2. Outings – we LOVE outings at AIMS Global.  The more we can take our children out in the real world, the better.  Our recipe for an outing: 

2.1 Preparation is key! Ask your child where they feel like going – give choices or let them explore places themselves by searching on GPS for example. 

2.2 On the day of the outing, print a map out or let your child use your GPS to the outing’s destination.  You are working on so many important concepts here already – planning, prioritizing, impulse control, flexibility, problem-solving skills, creativity, etc.  

2.3 Remember to make a shopping list or a to-do list with your child when you go somewhere.  They should follow the list, have more control throughout and have a lot of fun doing so!  

2.4 Take photos and videos of your outing! Most of our children love watching this afterwards and this leads us to the last important point… 

2.5 Have a recap moment where you write down or print photos of what happened during the outing, where you went, what you did and show this to other people in your child’s life.  This “secret” strategy has helped us expand our children’s language  enormously and they have loved doing so every step of the outing!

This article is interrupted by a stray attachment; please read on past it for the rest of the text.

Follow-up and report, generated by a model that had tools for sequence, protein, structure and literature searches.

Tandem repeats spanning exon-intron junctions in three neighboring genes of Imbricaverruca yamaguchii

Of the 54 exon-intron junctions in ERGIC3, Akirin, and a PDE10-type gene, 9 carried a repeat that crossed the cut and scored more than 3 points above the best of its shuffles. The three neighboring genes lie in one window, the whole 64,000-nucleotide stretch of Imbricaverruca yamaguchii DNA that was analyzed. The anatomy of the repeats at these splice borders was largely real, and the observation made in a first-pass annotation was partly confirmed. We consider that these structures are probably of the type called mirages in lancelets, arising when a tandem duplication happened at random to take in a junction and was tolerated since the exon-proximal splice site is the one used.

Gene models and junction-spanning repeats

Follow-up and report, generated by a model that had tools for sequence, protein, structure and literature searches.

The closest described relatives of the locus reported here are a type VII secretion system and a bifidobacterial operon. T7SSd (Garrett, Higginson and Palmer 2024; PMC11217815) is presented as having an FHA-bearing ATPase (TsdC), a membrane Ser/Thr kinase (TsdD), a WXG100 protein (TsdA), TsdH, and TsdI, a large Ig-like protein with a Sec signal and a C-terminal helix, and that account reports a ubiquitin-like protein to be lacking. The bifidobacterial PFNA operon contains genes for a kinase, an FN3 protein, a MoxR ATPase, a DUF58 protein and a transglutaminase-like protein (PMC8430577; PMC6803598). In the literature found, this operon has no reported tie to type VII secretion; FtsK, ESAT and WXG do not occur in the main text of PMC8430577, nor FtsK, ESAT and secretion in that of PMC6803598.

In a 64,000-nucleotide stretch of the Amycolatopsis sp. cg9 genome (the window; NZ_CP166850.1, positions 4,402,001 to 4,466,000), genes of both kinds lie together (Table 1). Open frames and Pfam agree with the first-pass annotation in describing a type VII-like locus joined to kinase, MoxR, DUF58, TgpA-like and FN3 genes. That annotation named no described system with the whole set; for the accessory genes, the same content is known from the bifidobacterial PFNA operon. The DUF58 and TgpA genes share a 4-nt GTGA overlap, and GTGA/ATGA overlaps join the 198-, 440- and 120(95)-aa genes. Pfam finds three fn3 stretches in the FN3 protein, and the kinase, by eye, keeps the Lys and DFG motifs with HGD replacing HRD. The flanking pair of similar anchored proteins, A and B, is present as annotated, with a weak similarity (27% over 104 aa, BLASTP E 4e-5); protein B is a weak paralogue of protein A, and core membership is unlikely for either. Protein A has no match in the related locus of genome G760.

1. Having normal conversations – when your child says something, try and continue speaking about that topic, don’t try and change topics as your lesson in mind is “turn-taking”.  We have noticed that the best planned out sessions usually never end up the way we planned.  We have to learn to “go with the flow” although that sounds a bit too hippy for us, it’s true.

I’m sure I’m missing many other secret strategies that we use, but these ones stood out as the most important to relay.  If you have some ideas, please let us know! We truly believe that “sharing is caring” and we feel information is power once it’s shared.  Please email us some ideas that you have implemented and it has sparked an interest in your child to expand on topics of conversation, in a natural way.  We love hearing from our audience: 

Thank you and keep on talking… Or more importantly, keep on listening, observing, joining and connecting with your awesome kiddo!